The Importance of a Gender Perspective to Successful Disarmament, Demobilization and Reintegration Processes

Citation:

Farr, Vanessa. 2003. “The Importance of a Gender Perspective to Successful Disarmament, Demobilization and Reintegration Processes.” Disarmament Forum 4: 25-36.

Author: Vanessa Farr

Abstract:

In many of today’s wars, fighters are no longer exclusively adult men. Faced with a dramatically changing demography of fighters in contemporary conflicts, a number of recent open United Nations Security Council meetings on country situations and thematically focused debates, as well as internal UN processes and documents, have identified the need for disarmament, demobilization and reintegration (DDR) processes to pay attention to differences among those presenting themselves for DDR. As a result, in addition to men, child soldiers (both boys and girls) are being better catered for. Yet despite a general call for 'gender mainstreaming’ in all UN-run operations including DDR processes, women’s perspectives, experiences and needs are under-represented in current programmes. The difficulty is how to move forward from discussions about gender inclusion to a measurable reality in which women are playing visible and powerful roles. In practical terms, what should the inclusion of women in DDR processes look like? This paper is intended as a means of moving this important conversation forward. In it, I shall review recent DDR processes, drawing both from conversations with DDR field practitioners and planners working within various UN agencies, and from academic accounts of DDR. My focus falls largely on processes that have taken place in Africa, and the recommendations I make are intended to be immediately useful to those involved in the current Multi-Country Demobilization and Reintegration Program for the Great Lakes region, which represents the most ambitious and comprehensive DDR planning ever envisaged.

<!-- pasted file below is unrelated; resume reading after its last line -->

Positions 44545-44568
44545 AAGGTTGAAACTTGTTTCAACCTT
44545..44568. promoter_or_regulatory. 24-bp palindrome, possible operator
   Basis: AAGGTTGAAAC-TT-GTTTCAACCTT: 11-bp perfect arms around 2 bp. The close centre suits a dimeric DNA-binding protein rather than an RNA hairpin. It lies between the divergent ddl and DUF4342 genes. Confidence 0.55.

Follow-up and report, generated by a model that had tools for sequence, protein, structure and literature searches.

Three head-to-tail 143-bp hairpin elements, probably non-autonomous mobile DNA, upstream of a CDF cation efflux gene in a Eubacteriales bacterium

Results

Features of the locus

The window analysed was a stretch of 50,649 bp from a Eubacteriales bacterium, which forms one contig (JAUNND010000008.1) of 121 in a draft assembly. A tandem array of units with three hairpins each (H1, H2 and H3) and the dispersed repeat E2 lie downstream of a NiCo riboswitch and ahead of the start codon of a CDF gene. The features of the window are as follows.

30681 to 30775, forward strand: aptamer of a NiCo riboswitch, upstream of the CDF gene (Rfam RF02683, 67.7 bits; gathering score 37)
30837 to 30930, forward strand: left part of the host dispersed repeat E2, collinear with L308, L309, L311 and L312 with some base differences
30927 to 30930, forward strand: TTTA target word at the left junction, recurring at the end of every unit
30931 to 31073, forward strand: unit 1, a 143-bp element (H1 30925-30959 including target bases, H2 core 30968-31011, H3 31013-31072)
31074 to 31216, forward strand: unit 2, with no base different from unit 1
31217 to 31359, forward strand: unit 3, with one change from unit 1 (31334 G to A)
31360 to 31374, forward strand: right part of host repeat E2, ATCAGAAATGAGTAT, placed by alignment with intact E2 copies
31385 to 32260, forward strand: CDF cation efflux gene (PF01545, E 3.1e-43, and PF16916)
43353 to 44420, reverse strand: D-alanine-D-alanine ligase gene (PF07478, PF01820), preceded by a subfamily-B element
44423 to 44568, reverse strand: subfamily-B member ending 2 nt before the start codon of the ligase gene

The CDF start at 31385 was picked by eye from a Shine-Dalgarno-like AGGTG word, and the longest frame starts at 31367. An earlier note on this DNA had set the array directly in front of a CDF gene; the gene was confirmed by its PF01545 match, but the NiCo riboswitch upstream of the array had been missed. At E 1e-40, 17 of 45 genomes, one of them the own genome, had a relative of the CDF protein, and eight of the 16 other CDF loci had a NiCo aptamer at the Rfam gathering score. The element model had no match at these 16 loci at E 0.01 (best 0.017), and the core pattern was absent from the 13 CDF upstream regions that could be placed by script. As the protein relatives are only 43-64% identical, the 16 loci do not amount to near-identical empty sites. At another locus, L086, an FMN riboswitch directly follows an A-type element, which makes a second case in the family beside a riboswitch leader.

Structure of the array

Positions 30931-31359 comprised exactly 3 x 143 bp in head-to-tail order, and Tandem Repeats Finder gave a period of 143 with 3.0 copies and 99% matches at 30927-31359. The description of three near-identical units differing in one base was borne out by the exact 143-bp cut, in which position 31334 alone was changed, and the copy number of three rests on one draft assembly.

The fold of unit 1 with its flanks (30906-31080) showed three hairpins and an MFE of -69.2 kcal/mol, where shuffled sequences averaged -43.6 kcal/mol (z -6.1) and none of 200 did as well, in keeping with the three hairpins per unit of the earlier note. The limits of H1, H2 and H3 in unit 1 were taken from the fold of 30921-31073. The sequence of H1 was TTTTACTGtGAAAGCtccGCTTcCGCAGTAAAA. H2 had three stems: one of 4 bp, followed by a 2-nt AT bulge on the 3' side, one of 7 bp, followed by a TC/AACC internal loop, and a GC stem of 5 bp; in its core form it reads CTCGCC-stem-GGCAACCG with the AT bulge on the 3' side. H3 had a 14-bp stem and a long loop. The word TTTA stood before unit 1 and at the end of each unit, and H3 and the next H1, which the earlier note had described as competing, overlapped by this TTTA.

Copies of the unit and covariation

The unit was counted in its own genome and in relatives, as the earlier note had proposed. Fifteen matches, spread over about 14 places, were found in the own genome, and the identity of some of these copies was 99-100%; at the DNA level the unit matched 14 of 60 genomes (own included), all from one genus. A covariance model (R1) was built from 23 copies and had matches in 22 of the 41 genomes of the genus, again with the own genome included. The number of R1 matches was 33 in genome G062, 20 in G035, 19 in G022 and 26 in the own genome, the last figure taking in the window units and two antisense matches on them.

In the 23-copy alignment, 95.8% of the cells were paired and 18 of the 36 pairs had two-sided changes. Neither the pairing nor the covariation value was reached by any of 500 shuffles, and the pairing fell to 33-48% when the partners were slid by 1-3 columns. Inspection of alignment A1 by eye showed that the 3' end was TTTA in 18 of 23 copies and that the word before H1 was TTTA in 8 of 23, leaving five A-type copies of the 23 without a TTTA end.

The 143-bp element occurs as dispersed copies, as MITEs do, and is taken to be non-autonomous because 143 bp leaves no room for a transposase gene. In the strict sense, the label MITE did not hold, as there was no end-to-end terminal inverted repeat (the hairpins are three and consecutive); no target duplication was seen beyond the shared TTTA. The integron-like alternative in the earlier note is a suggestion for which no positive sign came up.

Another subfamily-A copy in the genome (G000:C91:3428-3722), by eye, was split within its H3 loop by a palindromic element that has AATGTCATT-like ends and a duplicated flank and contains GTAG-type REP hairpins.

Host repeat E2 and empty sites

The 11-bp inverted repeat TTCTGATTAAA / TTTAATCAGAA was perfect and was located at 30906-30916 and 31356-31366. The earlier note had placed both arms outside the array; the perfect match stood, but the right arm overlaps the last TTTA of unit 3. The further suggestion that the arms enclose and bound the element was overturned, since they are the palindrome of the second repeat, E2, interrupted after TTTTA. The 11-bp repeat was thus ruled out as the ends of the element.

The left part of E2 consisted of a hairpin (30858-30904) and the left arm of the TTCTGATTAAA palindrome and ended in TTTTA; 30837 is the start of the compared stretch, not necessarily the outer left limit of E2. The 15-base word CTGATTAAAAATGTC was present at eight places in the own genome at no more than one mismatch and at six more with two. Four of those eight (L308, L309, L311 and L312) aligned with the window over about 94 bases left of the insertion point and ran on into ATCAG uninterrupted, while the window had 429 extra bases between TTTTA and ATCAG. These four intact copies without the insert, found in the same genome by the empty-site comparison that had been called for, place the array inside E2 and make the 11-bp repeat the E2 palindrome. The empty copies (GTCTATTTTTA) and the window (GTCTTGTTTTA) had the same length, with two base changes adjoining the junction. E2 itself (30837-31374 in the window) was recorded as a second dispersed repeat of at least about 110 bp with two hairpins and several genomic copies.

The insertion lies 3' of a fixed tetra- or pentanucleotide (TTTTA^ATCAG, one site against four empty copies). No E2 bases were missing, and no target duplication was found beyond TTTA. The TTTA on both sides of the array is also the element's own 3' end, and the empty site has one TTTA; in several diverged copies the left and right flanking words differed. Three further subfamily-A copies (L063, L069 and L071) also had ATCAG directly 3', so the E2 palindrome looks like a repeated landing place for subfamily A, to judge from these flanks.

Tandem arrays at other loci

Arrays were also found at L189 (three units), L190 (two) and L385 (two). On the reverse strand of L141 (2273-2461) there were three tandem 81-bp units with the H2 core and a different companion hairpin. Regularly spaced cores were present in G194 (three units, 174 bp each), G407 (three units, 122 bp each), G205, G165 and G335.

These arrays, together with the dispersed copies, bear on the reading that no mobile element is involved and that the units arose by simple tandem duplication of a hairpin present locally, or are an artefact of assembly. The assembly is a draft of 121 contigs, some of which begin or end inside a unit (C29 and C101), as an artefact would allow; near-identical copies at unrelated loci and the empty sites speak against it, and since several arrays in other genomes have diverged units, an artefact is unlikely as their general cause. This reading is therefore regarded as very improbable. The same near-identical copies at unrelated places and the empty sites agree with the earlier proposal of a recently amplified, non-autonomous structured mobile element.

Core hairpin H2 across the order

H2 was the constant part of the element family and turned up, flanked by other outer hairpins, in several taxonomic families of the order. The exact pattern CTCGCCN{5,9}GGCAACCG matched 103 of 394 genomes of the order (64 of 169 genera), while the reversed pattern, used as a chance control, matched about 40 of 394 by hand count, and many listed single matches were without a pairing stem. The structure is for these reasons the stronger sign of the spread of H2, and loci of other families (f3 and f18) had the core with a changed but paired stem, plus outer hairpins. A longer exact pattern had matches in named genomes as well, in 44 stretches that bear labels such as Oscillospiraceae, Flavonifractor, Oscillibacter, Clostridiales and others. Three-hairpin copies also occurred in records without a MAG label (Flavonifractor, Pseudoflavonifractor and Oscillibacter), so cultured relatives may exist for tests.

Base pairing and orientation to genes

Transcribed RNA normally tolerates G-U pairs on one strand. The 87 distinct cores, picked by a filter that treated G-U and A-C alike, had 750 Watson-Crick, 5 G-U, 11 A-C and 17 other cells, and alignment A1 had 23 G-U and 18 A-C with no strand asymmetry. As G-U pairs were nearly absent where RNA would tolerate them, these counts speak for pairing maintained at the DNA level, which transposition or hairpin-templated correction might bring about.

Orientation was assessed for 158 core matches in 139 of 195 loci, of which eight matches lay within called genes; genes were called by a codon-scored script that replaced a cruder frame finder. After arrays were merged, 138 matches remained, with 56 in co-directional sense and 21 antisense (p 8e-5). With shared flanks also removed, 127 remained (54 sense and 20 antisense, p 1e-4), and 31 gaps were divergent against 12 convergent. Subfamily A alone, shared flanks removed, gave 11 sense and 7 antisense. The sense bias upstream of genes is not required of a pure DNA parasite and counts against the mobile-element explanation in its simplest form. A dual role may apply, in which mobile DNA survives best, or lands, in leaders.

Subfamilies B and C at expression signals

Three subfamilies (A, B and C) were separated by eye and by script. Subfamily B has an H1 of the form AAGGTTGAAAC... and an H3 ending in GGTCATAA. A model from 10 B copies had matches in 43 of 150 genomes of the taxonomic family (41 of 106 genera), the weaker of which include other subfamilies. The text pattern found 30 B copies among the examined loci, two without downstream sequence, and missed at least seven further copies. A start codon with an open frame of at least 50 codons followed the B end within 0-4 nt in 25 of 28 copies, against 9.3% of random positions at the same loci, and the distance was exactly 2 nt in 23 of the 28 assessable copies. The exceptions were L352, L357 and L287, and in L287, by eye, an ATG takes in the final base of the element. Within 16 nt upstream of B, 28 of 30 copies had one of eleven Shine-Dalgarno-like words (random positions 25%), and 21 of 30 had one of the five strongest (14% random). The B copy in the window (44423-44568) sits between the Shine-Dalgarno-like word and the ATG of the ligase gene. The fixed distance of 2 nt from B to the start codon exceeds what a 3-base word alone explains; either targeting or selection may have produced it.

Topics: Combatants, DDR, Gender, Women, Gender Mainstreaming, International Organizations, Post-Conflict, Post-Conflict Reconstruction Regions: Africa

Year: 2003

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